By Stacy Kess
Glenn Harris works with a lot of fathers.
He recalled a Delaware-area father he met in May 2013. The man, then in his mid-40s, had been convicted of a crime 18 years earlier and lost his driver’s license - and with it, a connection with his children, his means of transportation to and from work and the ability to financially support his children.
The man had only one option to get things back in order: pay $3,000 to get his license reinstated. It was something he simply couldn’t afford, Harris said.
With the help of the Delaware County Child Support Enforcement Agency, the man reached out to Harris and Father Factor, a nine-week program that works to keep fathers involved in their children’s lives and create positive male role models for children. Father Factor, which is run by the Columbus non-profit Action for Children and is a part of The Art of Positive Parenting (TAPP) program, helped this man remove the barriers to being an involved father, including getting his driver’s license reinstated.
“Just that simple removal of that barrier” gave back the man’s fatherhood, Harris said. “To this day he continues to call and report to us how good he’s doing. It made him more able to actively participate in the lives of his children.”
This week, Harris announced Action for Children will bring TAPP: Father Factor to Delaware County so that more Delaware-area fathers can take part in the program that combines a parenting curriculum with case management.
The program’s focus is getting fathers involved in children’s lives as a positive role model. In the process, Father Factor helps non-custodial dads remove barriers to paying child support and take advantage of the rights to see their children.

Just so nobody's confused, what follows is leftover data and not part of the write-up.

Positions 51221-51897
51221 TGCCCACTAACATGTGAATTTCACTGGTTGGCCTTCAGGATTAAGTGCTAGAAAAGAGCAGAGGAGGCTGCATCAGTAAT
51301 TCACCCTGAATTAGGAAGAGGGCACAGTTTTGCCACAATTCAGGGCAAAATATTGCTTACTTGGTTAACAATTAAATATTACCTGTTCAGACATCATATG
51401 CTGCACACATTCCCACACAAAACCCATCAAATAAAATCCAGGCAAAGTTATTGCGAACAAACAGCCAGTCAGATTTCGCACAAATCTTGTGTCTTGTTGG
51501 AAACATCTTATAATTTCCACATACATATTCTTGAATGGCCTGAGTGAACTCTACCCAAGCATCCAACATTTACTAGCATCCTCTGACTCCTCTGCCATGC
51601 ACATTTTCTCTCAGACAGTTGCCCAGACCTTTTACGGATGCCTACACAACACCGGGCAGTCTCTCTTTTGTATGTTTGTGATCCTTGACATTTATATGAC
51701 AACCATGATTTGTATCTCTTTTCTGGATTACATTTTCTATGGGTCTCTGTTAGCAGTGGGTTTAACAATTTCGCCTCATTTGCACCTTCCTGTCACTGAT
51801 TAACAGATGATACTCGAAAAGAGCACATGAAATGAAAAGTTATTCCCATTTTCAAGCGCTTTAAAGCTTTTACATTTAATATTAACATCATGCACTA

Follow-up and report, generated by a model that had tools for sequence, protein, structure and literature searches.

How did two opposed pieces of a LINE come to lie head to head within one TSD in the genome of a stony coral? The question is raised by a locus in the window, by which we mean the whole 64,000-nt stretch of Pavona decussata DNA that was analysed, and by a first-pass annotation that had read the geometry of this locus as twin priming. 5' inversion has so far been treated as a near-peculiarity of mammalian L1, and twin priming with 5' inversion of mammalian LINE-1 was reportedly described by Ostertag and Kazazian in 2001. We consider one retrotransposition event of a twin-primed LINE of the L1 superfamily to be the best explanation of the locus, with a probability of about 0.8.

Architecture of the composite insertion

“The Father Factor curriculum helps fathers properly navigate parenting and co-parenting roles as well as assisting in the discovery and cultivation of their nurturing potential,” Harris said in his announcement of the program’s extension into Delaware County. “This program helps fathers meet essential daily needs, while working towards a brighter future through education in parenting techniques, community resources, navigating institutional barriers, and successful keys to co-parenting.”
Harris said, often times, when a father is not paying child support, they will stop seeing their children for one reason or another and lose the involvement in the children’s lives. For some, simply being financially responsible for their children helps fathers regain their footing as a positive parent.
“Often times child support becomes evil empire in the community. Often times child support is one of those barriers” to being the best father, Harris said. “Over the last 6 or 7 years, we’re able to show once fathers go through (Father Factor) programming, they are 30 percent more likely to pay child support once those barriers are removed. Sixty percent of those (fathers) are contributing more.”
Navigating custody and child-support issues is only part of the process of involving fathers with their children in the most positive relationship possible.
“The program is so much more than child support, so much bigger than child support,” Harris said. “That’s not our only measure of success. Our number one goal is to make sure children are getting access to both moms and dads.”
The Delaware County Father Factor program will be held at Andrew’s House, 39 W. Winter St. Orientation for Father Factor is Sept. 8; classes run from Sept. 15 through Nov. 3.
For more information or to learn how to register for Father Factor, visit www.lmsbuilder.com/AfC/parents/.
Reporter Stacy Kess can be found on Twitter @StacyMKess.